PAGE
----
Much of the “shaping” of photographs begins in the field with the assembling of various compositional elements to take the scene from a simple snapshot to a thoughtful creation by the photographer. As artists, it’s important to at least take into consideration angle of light, perspective and angle of view, all the while making active use of visual design elements in the scene, such as leading lines and framing elements, to create dynamic compositions that guide viewers through the scene.
Shaping continues in post-capture processing with the use of selected processing adjustments including graduated masks and adjustment brushes. My sincere belief is that ¾ of the work happens before the shutter is released and ½ the work happens afterwards because every good photograph is, in fact, greater that the sum of its parts, the difference being the effort and visual skill the photographer adds in the making of each photograph.
I hope you can join me Monday evening at 7:30pm for some inspiration and perhaps a new way of looking at photography. Meetings are held at the Kitchener East Presbyterian Church at 10 Zeller Drive, Kitchener. I hope to see you there!
This morning, I led a one-on-one workshop for artist Susan Leite, a member of the Hamilton Camera Club, who missed my presentation of Creating Compelling Landscapes. Tiffany Falls Conservation Area in Ancaster, Ontario, is one of those near-ideal places to learn about landscapes. A well-maintained, and easily-walked side trail of the Bruce Trail leads up the valley, across two bridges to a platform in front of a class cascade waterfall – Tiffany Falls – some 21m (70 feet) high.
As the point of this morning’s workshop was specifically landscape photography techniques, we were looking for “classic” landscape views that would include a strong foreground element set in the context of the background, connected through the mid-ground with a leading line, a “pathway” that would help the viewer navigate through the photograph. Assembling these elements is the job of the photographer. They are “out there” far more often than many photographers realize; recognizing them and actively, purposefully composing the photograph to include them is what makes them work.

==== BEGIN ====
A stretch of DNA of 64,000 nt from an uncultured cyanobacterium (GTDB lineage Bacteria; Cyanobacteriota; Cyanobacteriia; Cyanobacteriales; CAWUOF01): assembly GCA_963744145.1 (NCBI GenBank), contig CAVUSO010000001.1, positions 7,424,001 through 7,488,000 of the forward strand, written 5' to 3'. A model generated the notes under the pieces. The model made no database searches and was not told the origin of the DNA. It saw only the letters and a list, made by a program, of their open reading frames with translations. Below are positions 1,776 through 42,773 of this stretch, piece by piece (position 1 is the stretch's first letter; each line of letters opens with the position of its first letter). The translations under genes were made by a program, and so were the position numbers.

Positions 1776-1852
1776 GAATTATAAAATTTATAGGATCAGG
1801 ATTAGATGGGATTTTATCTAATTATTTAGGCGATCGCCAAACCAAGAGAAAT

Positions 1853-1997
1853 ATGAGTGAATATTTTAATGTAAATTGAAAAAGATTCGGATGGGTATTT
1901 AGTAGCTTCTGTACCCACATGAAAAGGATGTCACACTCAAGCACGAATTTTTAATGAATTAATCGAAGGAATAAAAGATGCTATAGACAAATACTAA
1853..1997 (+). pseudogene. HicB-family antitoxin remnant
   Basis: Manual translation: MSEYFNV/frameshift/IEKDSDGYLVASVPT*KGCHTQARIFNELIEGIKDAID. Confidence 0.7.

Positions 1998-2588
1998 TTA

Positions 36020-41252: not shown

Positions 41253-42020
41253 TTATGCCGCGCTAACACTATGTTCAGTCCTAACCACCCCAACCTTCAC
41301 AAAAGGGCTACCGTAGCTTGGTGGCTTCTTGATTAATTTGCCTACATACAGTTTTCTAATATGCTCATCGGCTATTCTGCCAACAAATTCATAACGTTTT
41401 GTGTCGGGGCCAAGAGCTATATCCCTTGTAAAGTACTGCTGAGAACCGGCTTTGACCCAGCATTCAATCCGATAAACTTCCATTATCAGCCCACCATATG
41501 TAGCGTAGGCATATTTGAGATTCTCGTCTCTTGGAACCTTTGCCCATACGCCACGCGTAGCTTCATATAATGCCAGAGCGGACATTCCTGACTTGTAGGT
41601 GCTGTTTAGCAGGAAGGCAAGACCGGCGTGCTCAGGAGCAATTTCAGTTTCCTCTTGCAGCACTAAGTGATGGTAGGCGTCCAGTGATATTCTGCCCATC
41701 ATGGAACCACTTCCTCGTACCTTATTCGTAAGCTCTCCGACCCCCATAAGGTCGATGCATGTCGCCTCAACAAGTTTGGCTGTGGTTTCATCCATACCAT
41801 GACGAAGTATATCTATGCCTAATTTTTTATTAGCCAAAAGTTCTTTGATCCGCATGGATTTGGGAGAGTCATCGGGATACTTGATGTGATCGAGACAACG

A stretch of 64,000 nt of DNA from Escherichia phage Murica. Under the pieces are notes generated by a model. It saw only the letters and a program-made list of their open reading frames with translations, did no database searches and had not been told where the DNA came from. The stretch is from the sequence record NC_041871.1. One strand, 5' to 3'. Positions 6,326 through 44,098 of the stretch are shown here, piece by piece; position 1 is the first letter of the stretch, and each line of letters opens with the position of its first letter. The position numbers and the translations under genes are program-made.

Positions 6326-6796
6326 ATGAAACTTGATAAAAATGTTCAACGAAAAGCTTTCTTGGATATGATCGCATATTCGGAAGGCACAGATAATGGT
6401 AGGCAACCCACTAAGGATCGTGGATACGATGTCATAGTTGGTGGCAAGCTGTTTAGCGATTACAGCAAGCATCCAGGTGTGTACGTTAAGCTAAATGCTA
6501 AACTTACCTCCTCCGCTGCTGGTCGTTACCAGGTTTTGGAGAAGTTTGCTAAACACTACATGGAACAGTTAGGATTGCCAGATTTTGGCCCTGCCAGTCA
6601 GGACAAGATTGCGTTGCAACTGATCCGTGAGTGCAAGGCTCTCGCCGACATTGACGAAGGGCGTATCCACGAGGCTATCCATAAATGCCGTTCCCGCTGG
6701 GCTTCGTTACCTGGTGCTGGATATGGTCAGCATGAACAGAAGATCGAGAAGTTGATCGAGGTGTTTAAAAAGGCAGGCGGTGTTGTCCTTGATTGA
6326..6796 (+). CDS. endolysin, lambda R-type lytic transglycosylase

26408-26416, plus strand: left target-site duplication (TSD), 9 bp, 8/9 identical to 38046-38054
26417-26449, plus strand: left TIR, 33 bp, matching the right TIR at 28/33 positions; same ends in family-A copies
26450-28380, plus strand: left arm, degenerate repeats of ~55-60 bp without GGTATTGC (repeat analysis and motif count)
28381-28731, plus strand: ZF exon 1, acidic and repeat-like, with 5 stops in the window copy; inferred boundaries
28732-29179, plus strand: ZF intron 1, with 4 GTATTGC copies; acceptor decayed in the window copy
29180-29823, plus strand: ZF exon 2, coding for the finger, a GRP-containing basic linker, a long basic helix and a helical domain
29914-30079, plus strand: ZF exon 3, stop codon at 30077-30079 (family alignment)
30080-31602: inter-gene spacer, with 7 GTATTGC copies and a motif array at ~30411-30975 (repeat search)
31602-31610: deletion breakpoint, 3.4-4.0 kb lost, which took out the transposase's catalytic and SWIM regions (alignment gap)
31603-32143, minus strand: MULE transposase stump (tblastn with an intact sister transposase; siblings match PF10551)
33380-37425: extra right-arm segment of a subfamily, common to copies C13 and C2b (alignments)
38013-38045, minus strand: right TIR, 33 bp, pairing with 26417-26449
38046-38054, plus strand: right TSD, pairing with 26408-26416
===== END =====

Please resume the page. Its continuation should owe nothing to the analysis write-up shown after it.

At times, though, it is a challenge: as we noted this morning, much of the valley and river bank has the scrubby-looking remains of cut trees. Trees that naturally fall have an organic look to them; cut trees have sharp, rather obvious and totally un-natural edges where they were chain-sawed. There were also many parts of branches left from the cuttings that have not decomposed as one might expect leaves and small branches would do over a season or a year, so they, too, left (to my eyes anyway) a bit of a slash-and-burn eye-soar to an otherwise beautiful valley. If you have ever felt the need to remove unwanted outgrowth of trees and plants, consider going for a removal service.
So, that’s a bit of the context of the location. The morning, itself, was overcast and still, making for near-ideal conditions for photographing in a forest. The contrast was easily managed; just the sky, filtering through the upper canopy, created difficult lighting. Photographers learn quickly, though, the importance of being flexible and working to the conditions provided by Mother Nature: when given a white sky, work to eliminate it from photos – and that’s we did.